- Where to start when evalutating a process
- Features a BPM solution must have
- How to bridge the process and technical gap
- Top BPM predictions, including the low-code/no-code movement
What are some of the first questions you ask when you’re evaluating a process?
JS: The first thing I ask is how much money can I save if I make it better? And then the second question I ask is am I considering the whole context of this process or does it still need to be something bigger? Because you can suboptimize by taking the low hanging fruit. In other words if you yank the oranges at the bottom of the tree you might hurt the tree. So the other thing I ask is are we using the resources that the process leverages? Are we optimizing those resources? Or are we distracting them? Or are we making it impossible because we got to move from one process to another? Or the jobs aren’t laid out right. They don’t match the skills. So there’s a lot of issues around processes and optimizing resources.
What are some features that a top notch BPM solution must have?
JS: Well, I believe that they have to have one of two things to start the process. One, either they have to be able to have process intelligence in an existing process so they can measure what’s really happening, and that’s assuming you’re not starting off on a blank sheet of paper. Or you have to have a modeling capability that allows you to model the process or the goals.
If it’s a pretty rigid process all you have to do is model the process. If it’s more adaptable, then you have to model the goals. Whether those be eight milestones or whatever. You have to have some type of modeling capability. It’s a plus if you can simulate it. But you don’t have to.
Then you have to have execution capability to execute the process. You have to have integration capabilities to link to other things. Then you have to have visibility capabilities that will allow you to visualize the process and the context that it’s in. And then you need optimization and adaptation capabilities that will do more than visualization to say that the process is on track. It will tell you when there’s opportunities.
So, in essence, it’s process intelligence. That’s not mining necessarily but be able to do, let’s say, flight simulation with real live data instead of modeled data. That’s one example. And all of them have to have agility. All of them have the ability to handle variable speeds. All of them have the ability to orchestrate multiple resources. All of them have the ability to support static and dynamic processes. Those are all things that are absolutely necessary.
How can BPM bridge the process and technical knowledge gap?
JS: Well there’s a couple of gaps. One is what I call a specialization gap where companies have organized around people’s specialties. And processes can be augmented with knowledge so that you can make people more capable. Here’s an example. Let’s say you’re working for an insurance company and you underwrite policies using computer rules. Let’s say you’re a junior underwriter and you’re looking at somebody’s high blood pressure. I could give you the knowledge of the senior underwriter by giving you cognitive help, like a lesson or a deep mind that would help you do blood chemistries or rate scuba divers. I could assist you as a non-expert with expert knowledge. That’s one of the bridge gaps.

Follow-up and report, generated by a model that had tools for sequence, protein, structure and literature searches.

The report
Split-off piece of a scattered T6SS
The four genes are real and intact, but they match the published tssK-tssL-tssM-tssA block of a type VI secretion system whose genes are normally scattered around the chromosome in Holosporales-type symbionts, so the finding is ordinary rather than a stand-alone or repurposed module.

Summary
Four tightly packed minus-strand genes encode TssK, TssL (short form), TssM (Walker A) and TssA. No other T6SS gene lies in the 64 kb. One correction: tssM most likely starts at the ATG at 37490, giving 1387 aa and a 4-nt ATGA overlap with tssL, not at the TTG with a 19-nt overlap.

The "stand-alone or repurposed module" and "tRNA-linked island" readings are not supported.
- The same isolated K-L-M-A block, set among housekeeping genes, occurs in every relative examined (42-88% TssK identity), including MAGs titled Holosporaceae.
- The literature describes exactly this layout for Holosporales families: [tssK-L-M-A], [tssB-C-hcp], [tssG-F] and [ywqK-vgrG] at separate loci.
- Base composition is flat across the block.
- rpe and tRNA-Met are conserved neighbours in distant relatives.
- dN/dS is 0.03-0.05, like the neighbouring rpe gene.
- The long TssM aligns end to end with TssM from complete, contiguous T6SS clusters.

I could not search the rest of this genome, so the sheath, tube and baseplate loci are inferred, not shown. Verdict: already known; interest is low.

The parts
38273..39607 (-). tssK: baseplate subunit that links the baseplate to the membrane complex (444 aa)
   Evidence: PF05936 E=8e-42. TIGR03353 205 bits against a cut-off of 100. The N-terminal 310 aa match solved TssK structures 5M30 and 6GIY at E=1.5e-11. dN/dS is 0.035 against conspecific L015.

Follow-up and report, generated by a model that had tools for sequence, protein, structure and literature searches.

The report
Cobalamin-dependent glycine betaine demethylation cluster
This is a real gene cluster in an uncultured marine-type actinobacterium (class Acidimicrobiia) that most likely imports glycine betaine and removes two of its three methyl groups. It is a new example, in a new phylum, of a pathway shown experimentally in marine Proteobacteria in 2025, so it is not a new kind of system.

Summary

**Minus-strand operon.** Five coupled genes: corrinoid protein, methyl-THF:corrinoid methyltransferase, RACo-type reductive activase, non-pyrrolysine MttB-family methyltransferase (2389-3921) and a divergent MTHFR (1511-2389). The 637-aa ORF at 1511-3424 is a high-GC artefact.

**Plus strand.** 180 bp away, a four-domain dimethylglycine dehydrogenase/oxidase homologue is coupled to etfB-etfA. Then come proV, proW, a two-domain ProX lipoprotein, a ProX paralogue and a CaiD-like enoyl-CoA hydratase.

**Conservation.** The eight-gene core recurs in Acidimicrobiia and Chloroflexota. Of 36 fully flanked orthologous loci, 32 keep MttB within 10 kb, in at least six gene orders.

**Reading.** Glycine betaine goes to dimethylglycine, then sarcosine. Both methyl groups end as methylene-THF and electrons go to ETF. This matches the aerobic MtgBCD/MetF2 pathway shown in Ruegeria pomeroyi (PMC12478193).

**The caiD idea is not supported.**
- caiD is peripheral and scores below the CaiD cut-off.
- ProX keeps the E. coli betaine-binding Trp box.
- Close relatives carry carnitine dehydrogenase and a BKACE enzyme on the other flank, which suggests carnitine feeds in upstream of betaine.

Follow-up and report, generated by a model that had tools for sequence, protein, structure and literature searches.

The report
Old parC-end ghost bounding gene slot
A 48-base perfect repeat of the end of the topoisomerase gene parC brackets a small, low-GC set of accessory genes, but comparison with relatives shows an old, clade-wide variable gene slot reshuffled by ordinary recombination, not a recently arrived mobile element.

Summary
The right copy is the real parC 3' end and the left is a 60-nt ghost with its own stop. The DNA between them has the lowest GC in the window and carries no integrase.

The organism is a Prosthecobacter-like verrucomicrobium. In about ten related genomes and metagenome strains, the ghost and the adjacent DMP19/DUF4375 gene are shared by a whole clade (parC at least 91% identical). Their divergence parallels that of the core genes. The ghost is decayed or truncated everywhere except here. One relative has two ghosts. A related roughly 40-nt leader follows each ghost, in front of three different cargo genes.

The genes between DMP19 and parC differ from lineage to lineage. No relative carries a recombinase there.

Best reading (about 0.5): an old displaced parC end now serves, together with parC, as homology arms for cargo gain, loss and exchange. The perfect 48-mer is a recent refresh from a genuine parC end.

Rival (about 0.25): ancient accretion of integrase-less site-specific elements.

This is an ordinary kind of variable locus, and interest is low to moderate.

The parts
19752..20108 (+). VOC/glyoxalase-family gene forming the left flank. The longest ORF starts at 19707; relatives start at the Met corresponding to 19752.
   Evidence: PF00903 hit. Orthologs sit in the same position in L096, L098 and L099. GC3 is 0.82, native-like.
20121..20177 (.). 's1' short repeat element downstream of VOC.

And you see a lot of companies talking about that today: machine learning, AI, cognitive laps and deep mind. And you’re going hear more in AI assistance. That’s one gap. And that’s an artificial gap created by managements, organizations. So there’s no reason that you couldn’t have a general person service a customer and give them dynamic billing knowledge and dynamic account knowledge and dynamic knowledge about your product instantaneously by having cog’s whisper in their ear. We don’t do that. We should.
Well we’ve got Siri to start.
JS: Exactly, and Google. So, then there’s the gap between the technical execution and what the business wants. So what you’ll find is generally there’s a tag team capability to process tools where the business people plot out facsimiles and who does what and all that. And some technician goes out and finds a little widget to help. And that bridging of the gap is collaboration. Eventually the bridging of the gap will be technology smart enough to swarm to a need. It’s called aging technology or swarming technology. Kind of like little ants swarming to a puddle of sugar.
Speaking of sugar, there’s been a lot of buzz around the citizen developer movement. Do you think this the future of BPM?
JS: Remember the first question you asked me. How much money can I save? Here’s an example of it. You know, doing it the old way was going to cost X. If you use low code it’d be X divided by three. So yes, it’s a hot topic. Is it the future? Absolutely. Will it be there? Someday it will be expected. If you don’t do it you don’t play. This has cycled around to be a hot topic over and over again. I’ve been in this industry too many years and we’ve cycled through the programmer productivity chain over and over and over again.
What are some of your other top predictions for BPM over the next decade?
JS: I think BPM will become in everything. And people will even recognize it. Back in the day, integration was the hot thing. Oh, we can get high amounts of information. Oh, we can get high amounts of systems. We can get all that. And it was a big hot thing. And we had a big market. We never hear about it anymore because it’s expected. BPM will be seen in the background. And it should be.
Also, I think the Internet of Things and the interaction of people and machines and people and sensors and people and cognition -- that is hot stuff and it’s going to be hot for a long time.